AES Annual Exhibition
Saturday 12th October 2019
As a contribution to the Quekett’s outreach programme, Dennis Fullwood and Alan Wood manned a stand at the Annual Exhibition and Trade Fair organised by the Amateur Entomologists’ Society at Kempton Park Racecourse in Middlesex, promoting microscopes and microscopy to young and old entomologists. There were lots of stands spread over 2 floors.
We had lots of visitors to our stand, with all sorts of questions about using microscopes, buying microscopes, and taking photographs through microscopes. We hope to see some of the visitors again at Microscopium (Saturday 19th October, St Albans). Visiting Quekett members included Sam Christofi, Martin Hinchcliffe and Andy King.
Dennis Fullwood (right) with a visitor
Dennis Fullwood brought his trinocular Nikon Labophot compound microscope with lots of slides of whole insects and parts of insects by several famous makers including Richard Suter, Amos Topping, J. B. Howard, H. W. H. Darlaston and Frederic Enock.
Nikon Labophot microscope and slides
Slides of insects
Slides of insects
Dennis showed several visitors an easy way to take photomicrographs, using a Canon EOS M body, an adapter to take Nikon lenses, a Nikon 50 mm f/1.8 standard lens, a 52-28 mm step-down adapter, and a Leitz Periplan eyepiece that has a 28 mm thread (intended for a screw-on eye cup). The Periplan eyepiece (with the lens and camera attached) is inserted instead of one of the Nikon binocular eyepieces.
Dennis also brought a Chinese inspection camera to display insects in Baltic amber (40 million years old) on a monitor.
Insects in amber
Termites in amber
Dennis also brought his trinocular Olympus SZ4045 stereomicroscope, and Alan Wood used it to demonstrate a simple system for shadowless illumination using an LED ring-light shining up into an inverted kitchen bowl with its base removed. This setup provides clear images of insects and also worked very well with an insect in amber.
Shadowless illuminator with a stereomicroscope
Bluebottle (Calliphora vomitoria (L.)) using shadowless illumination
Small weevil using a desk lamp (left) and the shadowless illuminator (right)
Shadowless illuminator, showing (top left) specimen pinned into a Plastazote disc, (top right) tube of white paper, (bottom left) inverted bowl with base removed, and (bottom right) the complete illuminator with a baffle of white foam-board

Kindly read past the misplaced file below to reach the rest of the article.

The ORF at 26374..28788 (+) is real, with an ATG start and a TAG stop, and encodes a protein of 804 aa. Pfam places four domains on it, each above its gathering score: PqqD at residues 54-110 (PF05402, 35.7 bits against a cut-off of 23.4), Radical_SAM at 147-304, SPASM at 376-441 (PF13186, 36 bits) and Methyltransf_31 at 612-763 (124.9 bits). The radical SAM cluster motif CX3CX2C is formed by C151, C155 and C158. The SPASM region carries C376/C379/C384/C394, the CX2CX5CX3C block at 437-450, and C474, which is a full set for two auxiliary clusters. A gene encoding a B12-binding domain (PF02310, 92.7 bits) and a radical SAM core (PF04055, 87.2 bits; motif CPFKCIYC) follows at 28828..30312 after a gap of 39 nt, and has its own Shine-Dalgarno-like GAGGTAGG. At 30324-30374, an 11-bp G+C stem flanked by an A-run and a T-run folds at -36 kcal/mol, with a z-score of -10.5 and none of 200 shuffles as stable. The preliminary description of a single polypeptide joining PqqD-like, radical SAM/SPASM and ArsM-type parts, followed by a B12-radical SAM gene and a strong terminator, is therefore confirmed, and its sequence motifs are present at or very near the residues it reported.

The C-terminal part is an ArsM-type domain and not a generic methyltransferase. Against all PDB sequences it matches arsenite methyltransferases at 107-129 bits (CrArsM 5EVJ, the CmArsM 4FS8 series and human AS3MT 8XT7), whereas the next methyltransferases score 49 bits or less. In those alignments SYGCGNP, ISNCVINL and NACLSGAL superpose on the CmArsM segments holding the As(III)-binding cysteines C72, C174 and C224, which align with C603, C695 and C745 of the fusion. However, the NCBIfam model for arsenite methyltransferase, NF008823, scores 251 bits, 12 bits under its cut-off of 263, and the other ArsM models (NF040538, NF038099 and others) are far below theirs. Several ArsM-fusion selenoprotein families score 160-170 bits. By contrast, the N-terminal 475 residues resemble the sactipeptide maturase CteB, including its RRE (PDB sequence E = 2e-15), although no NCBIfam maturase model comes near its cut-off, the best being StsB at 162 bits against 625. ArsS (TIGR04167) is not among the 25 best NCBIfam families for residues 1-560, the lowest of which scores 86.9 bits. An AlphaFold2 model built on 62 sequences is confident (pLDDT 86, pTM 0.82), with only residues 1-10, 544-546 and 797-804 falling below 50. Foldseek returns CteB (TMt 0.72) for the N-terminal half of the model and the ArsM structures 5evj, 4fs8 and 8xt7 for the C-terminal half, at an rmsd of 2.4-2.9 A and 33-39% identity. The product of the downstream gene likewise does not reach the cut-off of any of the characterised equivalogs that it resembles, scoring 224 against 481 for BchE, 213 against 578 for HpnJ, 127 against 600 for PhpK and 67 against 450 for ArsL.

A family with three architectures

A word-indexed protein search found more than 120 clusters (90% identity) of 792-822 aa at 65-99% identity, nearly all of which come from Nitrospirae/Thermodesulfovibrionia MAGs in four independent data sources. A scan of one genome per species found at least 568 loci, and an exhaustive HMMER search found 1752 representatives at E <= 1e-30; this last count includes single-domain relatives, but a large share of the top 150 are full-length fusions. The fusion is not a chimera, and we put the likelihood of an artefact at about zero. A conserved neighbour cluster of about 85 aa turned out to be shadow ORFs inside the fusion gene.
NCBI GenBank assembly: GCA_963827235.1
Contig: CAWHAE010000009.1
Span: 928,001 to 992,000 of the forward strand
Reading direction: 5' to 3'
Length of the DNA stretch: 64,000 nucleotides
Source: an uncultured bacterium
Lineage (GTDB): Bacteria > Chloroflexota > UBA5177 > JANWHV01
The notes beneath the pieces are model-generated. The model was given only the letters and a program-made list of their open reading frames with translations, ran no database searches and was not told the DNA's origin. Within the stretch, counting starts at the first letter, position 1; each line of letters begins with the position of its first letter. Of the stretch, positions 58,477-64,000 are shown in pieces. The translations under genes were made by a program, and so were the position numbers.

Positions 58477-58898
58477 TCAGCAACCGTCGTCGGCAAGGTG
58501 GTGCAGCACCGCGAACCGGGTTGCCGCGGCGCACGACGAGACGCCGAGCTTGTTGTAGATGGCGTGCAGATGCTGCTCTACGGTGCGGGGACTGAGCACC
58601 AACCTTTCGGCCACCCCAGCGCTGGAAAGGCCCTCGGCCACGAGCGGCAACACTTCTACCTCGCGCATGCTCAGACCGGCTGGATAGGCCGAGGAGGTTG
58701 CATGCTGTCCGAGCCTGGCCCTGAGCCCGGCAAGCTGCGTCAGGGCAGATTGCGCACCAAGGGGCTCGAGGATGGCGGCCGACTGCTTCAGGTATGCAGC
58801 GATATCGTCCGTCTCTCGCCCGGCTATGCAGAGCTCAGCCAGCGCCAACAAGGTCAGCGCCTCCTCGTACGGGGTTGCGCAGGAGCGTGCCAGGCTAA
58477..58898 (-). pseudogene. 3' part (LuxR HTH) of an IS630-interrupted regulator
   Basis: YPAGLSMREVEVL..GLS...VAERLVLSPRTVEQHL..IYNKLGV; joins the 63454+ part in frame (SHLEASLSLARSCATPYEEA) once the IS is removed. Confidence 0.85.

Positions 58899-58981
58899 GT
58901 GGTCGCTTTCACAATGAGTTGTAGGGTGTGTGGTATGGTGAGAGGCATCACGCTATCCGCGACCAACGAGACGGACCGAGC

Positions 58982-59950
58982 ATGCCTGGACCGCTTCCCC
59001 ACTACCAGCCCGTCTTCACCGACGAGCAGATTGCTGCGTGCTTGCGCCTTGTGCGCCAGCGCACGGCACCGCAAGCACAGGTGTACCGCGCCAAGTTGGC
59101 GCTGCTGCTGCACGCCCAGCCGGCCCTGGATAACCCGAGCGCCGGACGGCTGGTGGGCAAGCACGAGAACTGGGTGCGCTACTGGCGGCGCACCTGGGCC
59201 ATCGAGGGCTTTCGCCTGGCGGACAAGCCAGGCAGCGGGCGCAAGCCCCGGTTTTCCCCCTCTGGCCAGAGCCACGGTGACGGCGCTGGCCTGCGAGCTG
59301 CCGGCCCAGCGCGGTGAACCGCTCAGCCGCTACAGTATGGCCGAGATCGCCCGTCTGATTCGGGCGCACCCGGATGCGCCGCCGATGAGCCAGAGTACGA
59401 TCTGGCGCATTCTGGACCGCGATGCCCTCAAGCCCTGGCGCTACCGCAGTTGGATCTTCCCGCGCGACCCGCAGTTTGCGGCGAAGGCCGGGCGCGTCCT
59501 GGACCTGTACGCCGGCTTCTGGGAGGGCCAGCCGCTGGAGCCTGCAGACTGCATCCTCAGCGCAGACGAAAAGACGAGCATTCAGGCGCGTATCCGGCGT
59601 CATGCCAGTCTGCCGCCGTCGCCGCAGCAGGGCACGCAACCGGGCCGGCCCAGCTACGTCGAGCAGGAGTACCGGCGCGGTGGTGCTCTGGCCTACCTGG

Some visitors were fascinated by this, so Alan took it apart to show the paper tube that stops direct light from the LEDs entering the microscope (or camera) lens, the white bowl that reflects diffused light from the LEDs onto the paper tube, and the white baffle that reflects light down onto the top of the specimen and reduces stray light entering the microscope (or camera) lens.
There were not many microscopes on other stands, but the Natural History Museum had a Leica EZ4 stereomicroscope, the AES had a couple of simple stereomicroscopes, one young exhibitor had a simple stereomicroscope, and the One Stop Nature Shop was selling some microscopes.
Natural History Museum exhibit
There were lots of insects (and millipedes, tarantulas and giant African snails) for sale and on display.
Butterflies and pupae for sale
There were also stands selling pot plants suitable for rearing various insects.
Pot plants for sale
A few dealers were selling equipment for collecting, examining, rearing and storing insects.
Watkins & Doncaster stand
There were also lots of new and used books for sale.
New books for sale (Pemberley Books)
Used books for sale
Bargain books for sale
There were also photographs and drawing for sale.
Photographs for sale
Richard Lewington and his drawings
One of the Bug Club members had an exhibit about invasive species in the UK, and provided a stereomicroscope for examining specimens.
Invasive species exhibit
Another Bug Club member had some photographs of insect and other creatures from Sulawesi.
Following in the footsteps of Alfred Russel Wallace in Indonesia (Layla Shaw)
The next Annual Exhibition and Trade Fair will be at Kempton Park on Saturday 17th October 2020.
Report and photographs by Alan Wood